The True Significance of Skinny Legs and All by Tom Robbins
In his review of Tom Robbins' Skinny Legs and All entitled "Through Salome's Veils to Ultimate Cognition", Tom Clark expressed his dichotomy of opinions regarding the author's style and also the author's message. Although I agree with Mr. Clark in several aspects, I believe he overlooked the true significance of Skinny Legs and All.
Clark accurately described Robbins as an extremely clever writer, but unfortunately also one whose uncertainties of tone and stylistic overreaching affect nearly every page. (9)
Robbins's main characters, both animate and supposedly inanimate, journey through this book down a path like no other. The author flashes from one setting of "human" characters to return to the predicament of his animated inanimate characters. This is commonplace. However, when we revisit our primary players, they are usually in an improbable location and situation. The reader is rewarded with an explanation if he or she continues on patiently. It's rather like a "carrot and stick" approach to captivate the reader's interest, although I'm sure that on occasion, both the horse and the reader gave up. The tone of the characters is also difficult to ascertain, but after a while you realize that it is not a maintained feature. For example, one of the human characters, Ellen Cherry Charles, can be on the brink of committing an orgasmic assault on her very willing doorman, Raoul, when a relatively minor distraction obliterates it from her mind. However, her ambiguity of direction and emotion does serve to reveal the character's insecurities and indecisiveness.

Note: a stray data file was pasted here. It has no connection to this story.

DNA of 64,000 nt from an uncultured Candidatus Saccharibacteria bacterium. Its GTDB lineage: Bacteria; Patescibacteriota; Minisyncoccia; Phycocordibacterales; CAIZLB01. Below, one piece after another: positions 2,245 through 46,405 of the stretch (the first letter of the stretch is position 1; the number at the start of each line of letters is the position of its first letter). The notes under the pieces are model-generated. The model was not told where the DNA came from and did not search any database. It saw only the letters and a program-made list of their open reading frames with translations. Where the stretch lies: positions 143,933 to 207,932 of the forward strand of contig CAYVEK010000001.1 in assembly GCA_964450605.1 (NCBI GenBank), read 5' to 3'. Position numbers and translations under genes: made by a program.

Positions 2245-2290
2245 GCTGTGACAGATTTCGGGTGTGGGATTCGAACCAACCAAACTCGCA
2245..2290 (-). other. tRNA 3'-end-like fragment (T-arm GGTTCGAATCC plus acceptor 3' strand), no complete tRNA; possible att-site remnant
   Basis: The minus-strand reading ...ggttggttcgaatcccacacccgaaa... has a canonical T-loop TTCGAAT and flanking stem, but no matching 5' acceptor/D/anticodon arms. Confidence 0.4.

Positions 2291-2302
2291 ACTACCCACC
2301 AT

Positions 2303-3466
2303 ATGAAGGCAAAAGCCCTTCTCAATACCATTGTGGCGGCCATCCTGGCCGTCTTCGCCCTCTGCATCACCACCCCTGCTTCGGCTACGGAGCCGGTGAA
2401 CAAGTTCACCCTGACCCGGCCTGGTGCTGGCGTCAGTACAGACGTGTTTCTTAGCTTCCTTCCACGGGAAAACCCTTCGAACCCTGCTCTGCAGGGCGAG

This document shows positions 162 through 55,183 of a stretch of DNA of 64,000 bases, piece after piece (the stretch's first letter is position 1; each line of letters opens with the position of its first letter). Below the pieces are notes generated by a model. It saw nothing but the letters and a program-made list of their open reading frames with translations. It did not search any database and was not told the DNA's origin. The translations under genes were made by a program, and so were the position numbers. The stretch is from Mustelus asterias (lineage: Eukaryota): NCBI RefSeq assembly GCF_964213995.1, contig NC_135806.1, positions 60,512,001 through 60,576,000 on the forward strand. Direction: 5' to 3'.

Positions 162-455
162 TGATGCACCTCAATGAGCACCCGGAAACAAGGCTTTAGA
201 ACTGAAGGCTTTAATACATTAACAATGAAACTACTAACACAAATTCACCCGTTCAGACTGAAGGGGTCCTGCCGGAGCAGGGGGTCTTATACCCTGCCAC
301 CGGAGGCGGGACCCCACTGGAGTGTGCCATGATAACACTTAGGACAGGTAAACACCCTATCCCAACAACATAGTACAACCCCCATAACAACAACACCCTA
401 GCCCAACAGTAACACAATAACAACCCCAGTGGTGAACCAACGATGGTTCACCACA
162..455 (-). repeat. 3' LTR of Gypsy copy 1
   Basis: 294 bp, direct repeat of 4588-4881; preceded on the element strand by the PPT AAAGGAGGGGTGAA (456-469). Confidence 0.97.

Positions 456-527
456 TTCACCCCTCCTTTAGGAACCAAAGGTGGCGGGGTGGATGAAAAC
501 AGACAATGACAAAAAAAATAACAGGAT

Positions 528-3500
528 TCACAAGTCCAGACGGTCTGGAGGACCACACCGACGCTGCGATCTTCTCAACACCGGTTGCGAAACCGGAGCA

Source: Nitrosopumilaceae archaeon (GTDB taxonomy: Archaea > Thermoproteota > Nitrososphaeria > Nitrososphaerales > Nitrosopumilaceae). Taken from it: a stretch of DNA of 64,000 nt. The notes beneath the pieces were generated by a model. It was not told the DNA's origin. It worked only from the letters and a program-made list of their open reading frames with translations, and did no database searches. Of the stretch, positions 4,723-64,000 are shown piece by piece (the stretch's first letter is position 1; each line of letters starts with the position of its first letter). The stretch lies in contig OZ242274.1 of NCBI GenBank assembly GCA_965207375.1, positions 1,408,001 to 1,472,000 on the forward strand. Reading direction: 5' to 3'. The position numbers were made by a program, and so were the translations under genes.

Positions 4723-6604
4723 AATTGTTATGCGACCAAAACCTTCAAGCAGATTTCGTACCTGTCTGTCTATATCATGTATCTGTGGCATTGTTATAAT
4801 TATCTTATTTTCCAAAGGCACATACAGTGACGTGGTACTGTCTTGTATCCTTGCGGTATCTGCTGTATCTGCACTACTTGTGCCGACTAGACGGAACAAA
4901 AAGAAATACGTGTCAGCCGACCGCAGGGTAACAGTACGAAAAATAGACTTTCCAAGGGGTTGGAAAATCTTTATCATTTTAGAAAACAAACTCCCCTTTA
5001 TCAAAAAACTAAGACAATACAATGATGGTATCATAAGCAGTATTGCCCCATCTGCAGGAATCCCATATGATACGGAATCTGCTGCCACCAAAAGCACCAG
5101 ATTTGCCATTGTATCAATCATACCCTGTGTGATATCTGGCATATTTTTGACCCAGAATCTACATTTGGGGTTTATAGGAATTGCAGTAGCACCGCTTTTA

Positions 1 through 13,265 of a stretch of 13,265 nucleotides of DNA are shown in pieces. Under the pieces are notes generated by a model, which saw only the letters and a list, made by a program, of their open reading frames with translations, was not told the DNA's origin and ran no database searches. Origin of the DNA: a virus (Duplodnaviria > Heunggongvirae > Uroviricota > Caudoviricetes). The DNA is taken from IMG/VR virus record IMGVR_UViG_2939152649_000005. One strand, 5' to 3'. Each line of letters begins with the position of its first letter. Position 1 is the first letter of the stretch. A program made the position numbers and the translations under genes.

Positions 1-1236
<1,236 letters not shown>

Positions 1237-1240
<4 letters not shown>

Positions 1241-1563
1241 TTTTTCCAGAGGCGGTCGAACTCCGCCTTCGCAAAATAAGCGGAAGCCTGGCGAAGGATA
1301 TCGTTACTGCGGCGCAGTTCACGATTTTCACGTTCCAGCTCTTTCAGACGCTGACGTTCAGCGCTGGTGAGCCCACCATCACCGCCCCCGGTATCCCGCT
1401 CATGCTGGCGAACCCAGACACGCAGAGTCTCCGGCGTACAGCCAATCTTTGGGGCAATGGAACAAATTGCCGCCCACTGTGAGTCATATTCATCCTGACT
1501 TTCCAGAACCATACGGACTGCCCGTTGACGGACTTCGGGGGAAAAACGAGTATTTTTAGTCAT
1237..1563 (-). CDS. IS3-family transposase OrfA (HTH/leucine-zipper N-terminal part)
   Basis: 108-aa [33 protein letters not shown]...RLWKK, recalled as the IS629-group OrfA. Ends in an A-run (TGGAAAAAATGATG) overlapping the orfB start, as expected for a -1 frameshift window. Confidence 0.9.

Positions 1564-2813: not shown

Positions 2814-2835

In his review, Clark discussed Robbins's use of language as follows:
"His prose, often brilliant, seems bound to draw attention to itself in the most demanding of ways; particularly overloaded with startling or cute analogies, it sometimes slips on its own stretched comparisons and falls on its face." (9)
For the most part, I agree with Mr. Clark; but I am unsure of exactly what "falls on its face" -- the prose in its individual meaning or as a contribution to the progress of the story as a whole. In regard to Robbins's analogies, the word "brilliant" is insufficient to describe his talent. For example, he referred to Ellen Cherry's expressionless face as being "blank as a paraplegic's dance card" (Robbins 244). Ellen Cherry's entrance into the New York art world was thought of as "entering a peacock through its rectum" (177). In pondering the name of Nebuchadnezzar, Robbins wrote, "A swarm of killer bees let loose in the halls of the alphabet" (105). Robbins clearly does not view the world from the perspective of the masses. I imagine that, in formulating his analogies and metaphors, Robbins employed a trampoline suitable for Paul Bunyan and, naturally, blessed with the ability of locomotion to attain atmospheric heights in order...